See Kim’s blog post about the experience as well.
Thank you to everyone who helped lead us, and to all of you that were able to participate!
News 14 Carolina and The Gaston Gazette both came out today to cover the Peace Walk. Stories and videos are in several places- News 14 today, The Gazette yesterday, and then today (with video). Big thank you’s go out to McKinsey Harris of News 14, and to Amanda Memrick, Wade Allen, and Mike Hendsill of The Gazette, for continuing to be such a great community resource for our area, and helping to get the word out about the “good news” going on in Gastonia!
We’re you able to be at the Walk today? Or not? Interested in being a part of MORE? Consider joining us in a couple weeks for the next event, an Interfaith Thanksgiving Service, Monday, November 21, 7 PM, at First United Methodist Church in Gastonia. Sign up to attend at the event’s Facebook page, and contact me if you need directions, more info., etc. Thanks, we look forward to seeing you all there!
Anyone who can help, please download the Peace Walk flyer, print it up, and distribute liberally!, in your faith communities, and any other stores, public places, et. al. in the Gaston area, where the WORD! can get out about our Witness for Peace on the 29th. If you do end up getting the flyer put up anywhere, please let everyone know over at the Gaston Interfaith Center Facebook page, where we’re keeping track of where it’s been put up. Thank you for your help!
You’ll recognize Sam from the post below on the 9/11 Service. The Gazette interviewed him the week before for a piece on 9/11. Please contact the Gazette and thank them for being a true community resource, in caring about and writing about our Muslim neighbors! Thanks for your help!
We had many great presenters and prayers on September 11. If you weren’t able to attend, or just want to read through the meditations and see the pictures, some of them are gathered here:
The first two entries here were read Board of Trustees member Rev. Dennis Teall-Fleming, by people that couldn’t be at the Service but wanted to participate, a prayer/poem and a meditation:
Gireesh Gupta, a Hindu neighbor
A 9/11 Prayer
Tuesday, 9/11/2001, was forever imprinted in our minds.
It was the day when mankind witnessed senseless hatred and violence.
It was the day when thousands of innocent men, women, and children died.
It was also the day when heroes in red, blue, yellow, and black suits
and brave men and women in white, black, and brown colors
so fearlessly and courageously saved lives and sacrificed their own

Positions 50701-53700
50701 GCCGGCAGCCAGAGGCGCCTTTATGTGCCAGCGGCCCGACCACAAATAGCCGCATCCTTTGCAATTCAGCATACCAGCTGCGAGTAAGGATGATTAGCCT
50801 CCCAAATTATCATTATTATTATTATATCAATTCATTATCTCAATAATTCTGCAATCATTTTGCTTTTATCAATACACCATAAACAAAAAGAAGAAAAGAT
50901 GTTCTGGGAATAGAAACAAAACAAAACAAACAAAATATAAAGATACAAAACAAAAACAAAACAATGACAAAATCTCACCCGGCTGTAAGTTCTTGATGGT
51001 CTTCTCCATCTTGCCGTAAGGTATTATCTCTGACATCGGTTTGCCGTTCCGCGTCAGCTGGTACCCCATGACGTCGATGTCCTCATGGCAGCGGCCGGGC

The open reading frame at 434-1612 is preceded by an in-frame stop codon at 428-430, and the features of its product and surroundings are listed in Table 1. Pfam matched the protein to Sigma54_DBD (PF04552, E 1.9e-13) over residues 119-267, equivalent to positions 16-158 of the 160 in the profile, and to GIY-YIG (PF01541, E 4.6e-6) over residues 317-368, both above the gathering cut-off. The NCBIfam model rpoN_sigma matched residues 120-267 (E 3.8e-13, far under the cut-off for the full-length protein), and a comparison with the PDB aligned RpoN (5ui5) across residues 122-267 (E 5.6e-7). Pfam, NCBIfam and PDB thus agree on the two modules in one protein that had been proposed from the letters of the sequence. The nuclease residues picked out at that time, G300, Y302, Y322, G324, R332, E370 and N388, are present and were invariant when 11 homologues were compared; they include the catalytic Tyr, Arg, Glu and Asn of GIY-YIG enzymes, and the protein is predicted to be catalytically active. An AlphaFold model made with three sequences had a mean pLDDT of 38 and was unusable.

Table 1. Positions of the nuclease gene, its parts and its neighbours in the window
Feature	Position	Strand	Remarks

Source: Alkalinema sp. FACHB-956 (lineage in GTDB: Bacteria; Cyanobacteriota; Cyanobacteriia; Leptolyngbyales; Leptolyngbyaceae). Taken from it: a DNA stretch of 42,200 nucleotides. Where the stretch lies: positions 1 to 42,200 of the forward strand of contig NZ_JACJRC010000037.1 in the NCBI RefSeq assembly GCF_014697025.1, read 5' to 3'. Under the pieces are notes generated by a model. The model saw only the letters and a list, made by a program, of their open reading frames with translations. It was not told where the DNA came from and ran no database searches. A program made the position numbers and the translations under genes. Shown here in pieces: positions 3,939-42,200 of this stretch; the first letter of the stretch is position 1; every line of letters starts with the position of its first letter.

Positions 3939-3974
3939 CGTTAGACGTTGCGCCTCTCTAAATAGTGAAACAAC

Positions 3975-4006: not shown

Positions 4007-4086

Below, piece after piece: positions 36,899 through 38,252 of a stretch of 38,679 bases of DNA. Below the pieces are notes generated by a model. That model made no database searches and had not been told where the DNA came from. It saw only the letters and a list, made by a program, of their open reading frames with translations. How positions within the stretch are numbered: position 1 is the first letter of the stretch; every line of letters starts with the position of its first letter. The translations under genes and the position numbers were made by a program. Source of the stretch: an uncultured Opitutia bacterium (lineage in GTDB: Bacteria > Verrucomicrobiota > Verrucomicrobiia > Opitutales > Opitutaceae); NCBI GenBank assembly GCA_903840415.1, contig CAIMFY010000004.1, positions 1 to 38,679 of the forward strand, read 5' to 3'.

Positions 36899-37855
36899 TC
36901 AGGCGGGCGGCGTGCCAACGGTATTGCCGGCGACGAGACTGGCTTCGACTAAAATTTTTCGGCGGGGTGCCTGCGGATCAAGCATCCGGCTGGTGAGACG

and left behind their children and spouses.
It was the day when the world saw the worst and the best of humanity
and it was the day when love triumphed over hatred.
Let us pray for the departed souls that fateful day.
Let us pray for the families of the victims who died.
Let us pray for the brave souls who fought the evil in the planes
and sacrificed their lives to save thousands of others.
Let us pray for the firemen and policemen who so bravely served.
Let us pray for the kind volunteers who rescued the buried.
Let us pray for the people of our great nation
who unified as one to fight this heinous and atrocious act.
Let us pray that God will give us the strength and courage
to fight evil with good,
to fight violence with kindness,
and to return hatred with love
for the true nature of love is peace.
Let us pray that one day there will be no violence in the world,
that good will overcome the evil and brotherhood and sisterhood will prevail,
and Mother earth will see all her children live together in harmony and peace.
When Dennis asked me to write this piece, I was honored, but also at a loss. He wanted me to write about the impact and ramifications of 9-11, on me, the nation and the world. Keep in mind that this is the result of someone who is still young and whose eyes are not yet as seasoned as others, so many will take my words as naïve or even uninformed. Some may even disagree outright, or be enraged. We can’t all agree on everything.
First, as a non-believer, the impact of 9-11 was tremendous. It told me that I was to struggle against something. That something was not religion, but religious extremism and fundamentalism. As an atheist, my fight is not with religion. What must be fought is extremism in all of its forms, religious or otherwise, that foster intolerance.